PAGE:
Chandrachur Singh, warden, Hindu College Hostel, said colleges couldn’t afford to miss this opportunity. ‘‘It’s a painful decision for us. But the maintenance of hostels was also long due. We have managed the hostels only with the fees charged from the students which is just about adequate to meet the electricity and water bills.’’

‘‘A lot of work needs to be done and it may easily take three months,” Singh said.

The colleges will be mostly working on

the flooring, providing new beds and upgrading bathrooms to international standards. SRCC principal P C Jain called it a blessing in disguise. ‘‘I agree students may have problems staying elsewhere from July to October but they will return to swanky accommodation,’’ he said, adding that the college has got Rs 40 lakh and more funds were on the way.

Tanvir Aeijaz, warden at Ramjas College, suggested students could stay with local guardians. ‘‘The new session will begin only in the last week of July. They will have to manage only through August and September since they may have vacations in October again,’’ he

said.

Every year, students have to re-apply for a room in the hostel which is based on merit. Aeijaz said Ramjas may allot rooms at the time of admission this year but the students will be accommodated only after the players have gone. On the other hand, Hans Raj College may only give hostel rooms to seniors and not the new students. ‘‘We still have to decide. It is likely that we may not allot rooms to the first year students and accommodate around 80-90 senior students alone,’’ said principal V K Kawatra.

Residential students at Miranda House and St Stephen’s will, however, stay put. ‘‘We are not renovating the six residential blocks as we do not have a bursar who is the financial officer. We will give our hostels to players in the same condition as they are now,” said St Stephen’s principal Valson Thampu. Miranda House principal Pratibha Jolly said the students will return to the hostel in July even as renovation work continues.

Dharavi: Rags to relief

By Preeti Pooja

The snapshots of filth and fantasy in the biggest slum of Asia – Dharavi is by now a much romanticized subject on celluloid to capture the wide canvas of a shantytown and the struggle, hope and hopelessness of its over one million residents.

Dharavi is home to vital unorganized industry workers, mostly children, who sift and collect 8.5 metric tons of filth, garbage, plastic, metal and scrap everyday.

Most of these rag pickers, come as migrants from every part of India. They often live in conditions worse than that in refugee camps. Many are malnourished. They are constantly exposed to hazardous toxins and diseases.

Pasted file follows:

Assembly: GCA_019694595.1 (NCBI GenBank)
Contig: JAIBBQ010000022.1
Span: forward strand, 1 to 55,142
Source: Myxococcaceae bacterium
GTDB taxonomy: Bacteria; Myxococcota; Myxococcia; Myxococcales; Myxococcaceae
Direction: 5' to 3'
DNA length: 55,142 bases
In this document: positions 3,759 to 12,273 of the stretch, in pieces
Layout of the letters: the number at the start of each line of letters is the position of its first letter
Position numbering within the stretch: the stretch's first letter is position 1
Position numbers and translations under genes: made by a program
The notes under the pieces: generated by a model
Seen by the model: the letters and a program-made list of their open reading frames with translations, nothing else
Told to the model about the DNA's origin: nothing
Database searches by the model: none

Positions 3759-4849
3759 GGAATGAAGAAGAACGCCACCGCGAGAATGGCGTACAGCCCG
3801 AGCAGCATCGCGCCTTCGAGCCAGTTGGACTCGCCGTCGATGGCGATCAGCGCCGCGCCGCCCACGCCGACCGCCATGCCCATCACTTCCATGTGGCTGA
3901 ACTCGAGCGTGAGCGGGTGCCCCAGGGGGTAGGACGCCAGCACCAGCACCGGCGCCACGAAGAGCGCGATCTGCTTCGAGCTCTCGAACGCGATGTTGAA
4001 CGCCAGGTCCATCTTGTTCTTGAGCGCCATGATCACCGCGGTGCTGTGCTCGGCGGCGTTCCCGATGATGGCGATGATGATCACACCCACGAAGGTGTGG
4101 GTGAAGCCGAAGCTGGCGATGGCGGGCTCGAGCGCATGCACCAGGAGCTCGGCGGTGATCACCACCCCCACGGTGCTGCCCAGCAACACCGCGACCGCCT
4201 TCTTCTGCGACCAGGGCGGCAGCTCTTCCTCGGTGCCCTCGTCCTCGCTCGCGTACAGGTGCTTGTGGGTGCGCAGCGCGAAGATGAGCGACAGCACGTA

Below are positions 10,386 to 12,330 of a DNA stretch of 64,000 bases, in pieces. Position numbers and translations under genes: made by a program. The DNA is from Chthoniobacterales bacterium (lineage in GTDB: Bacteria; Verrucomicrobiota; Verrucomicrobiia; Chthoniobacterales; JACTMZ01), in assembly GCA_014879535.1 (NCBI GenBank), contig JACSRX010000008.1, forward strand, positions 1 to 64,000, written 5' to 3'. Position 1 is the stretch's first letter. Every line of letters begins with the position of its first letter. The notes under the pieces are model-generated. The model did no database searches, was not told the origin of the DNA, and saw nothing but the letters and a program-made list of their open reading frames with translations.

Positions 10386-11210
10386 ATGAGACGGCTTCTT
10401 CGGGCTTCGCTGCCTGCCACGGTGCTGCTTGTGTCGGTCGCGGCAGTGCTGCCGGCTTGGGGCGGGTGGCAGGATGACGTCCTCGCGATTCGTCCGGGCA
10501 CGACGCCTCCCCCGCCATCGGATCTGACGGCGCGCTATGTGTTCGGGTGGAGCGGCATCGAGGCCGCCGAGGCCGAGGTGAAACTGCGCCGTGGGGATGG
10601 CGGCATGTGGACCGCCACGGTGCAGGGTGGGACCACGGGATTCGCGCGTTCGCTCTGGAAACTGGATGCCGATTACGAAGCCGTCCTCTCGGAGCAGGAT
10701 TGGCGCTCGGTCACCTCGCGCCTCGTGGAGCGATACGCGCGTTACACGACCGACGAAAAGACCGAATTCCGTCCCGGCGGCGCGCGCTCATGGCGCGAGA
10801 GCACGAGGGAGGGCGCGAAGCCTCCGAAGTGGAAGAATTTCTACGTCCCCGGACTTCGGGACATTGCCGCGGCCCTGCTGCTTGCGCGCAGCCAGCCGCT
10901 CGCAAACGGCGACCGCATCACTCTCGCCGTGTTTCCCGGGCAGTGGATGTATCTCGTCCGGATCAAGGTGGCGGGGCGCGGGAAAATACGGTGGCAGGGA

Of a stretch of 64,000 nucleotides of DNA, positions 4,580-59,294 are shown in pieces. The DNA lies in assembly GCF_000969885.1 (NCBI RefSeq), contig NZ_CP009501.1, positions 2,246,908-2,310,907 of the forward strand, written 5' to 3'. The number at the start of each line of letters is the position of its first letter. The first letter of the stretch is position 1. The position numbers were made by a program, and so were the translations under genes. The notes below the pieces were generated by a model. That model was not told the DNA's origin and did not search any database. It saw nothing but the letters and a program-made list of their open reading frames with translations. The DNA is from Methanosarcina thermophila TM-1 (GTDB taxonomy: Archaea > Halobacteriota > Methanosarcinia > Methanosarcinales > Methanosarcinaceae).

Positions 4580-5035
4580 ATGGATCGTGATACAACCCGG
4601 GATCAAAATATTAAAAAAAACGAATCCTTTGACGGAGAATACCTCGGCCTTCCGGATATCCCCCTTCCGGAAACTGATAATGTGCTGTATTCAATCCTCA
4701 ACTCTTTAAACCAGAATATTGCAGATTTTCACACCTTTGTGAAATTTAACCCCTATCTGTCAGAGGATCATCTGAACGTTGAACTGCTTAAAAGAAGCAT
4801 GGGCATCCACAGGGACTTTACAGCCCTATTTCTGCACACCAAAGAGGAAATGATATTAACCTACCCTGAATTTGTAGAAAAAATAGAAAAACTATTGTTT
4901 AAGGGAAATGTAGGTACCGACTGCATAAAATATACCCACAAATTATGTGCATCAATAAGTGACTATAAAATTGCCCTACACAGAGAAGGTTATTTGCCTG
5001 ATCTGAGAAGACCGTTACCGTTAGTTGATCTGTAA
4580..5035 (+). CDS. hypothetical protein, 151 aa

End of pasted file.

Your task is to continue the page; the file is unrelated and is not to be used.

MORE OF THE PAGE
Their subhuman living conditions provides little access to basic education, sanitation, water, electricity and healthcare. Dharavi has severe problems with public health, due to inadequate toilet facilities, compounded by the infamous Mumbai flooding during the monsoons.

This is also a place where Mumbai’s underbelly of drug peddlers thrives. Low house rents and access to livelihood like rag picking has attracted minorities and the poorest of poor from different states to Dharavi. The economy here is based on recycling besides some pottery, textile factories and leather units. Dharavi is home to more than 15,000 single room factories.

 

But Dharavi is not just a haunt of film and documentary makers on a bounty hunt of poverty and filth as creative ingredients. Some NGOs have chosen to work here to better the living conditions of many of its uncared for residents.

Acorn Foundation (India) is one of them. The Acorn Foundation (India), which is affiliated to ACORN International, is supporting, Dharavi Project India. They are working to improve the lives of the rag picker community in Mumbai besides Delhi and Bangalore. Acorn is also doing extensive study on urban solid waste management in Mumbai and trying to implement actions to alleviate this issue.

Vinod Shetty, an advocate by profession, is actively involved with Acorn Foundation (India). Mr. Shetty narrates some of the heart-rending realities of life in Dharavi.

“Any big city survives on the services of rickshaw pullers, sweepers and rag pickers. It’s them who are at the bottom of the pyramid and ensure that the city keeps running. The society must acknowledge to the services of these people who live without any social security,” says Mr. Shetty.

Acorn firmly believes that this community of unorganized labourers is an invaluable human resource to the city.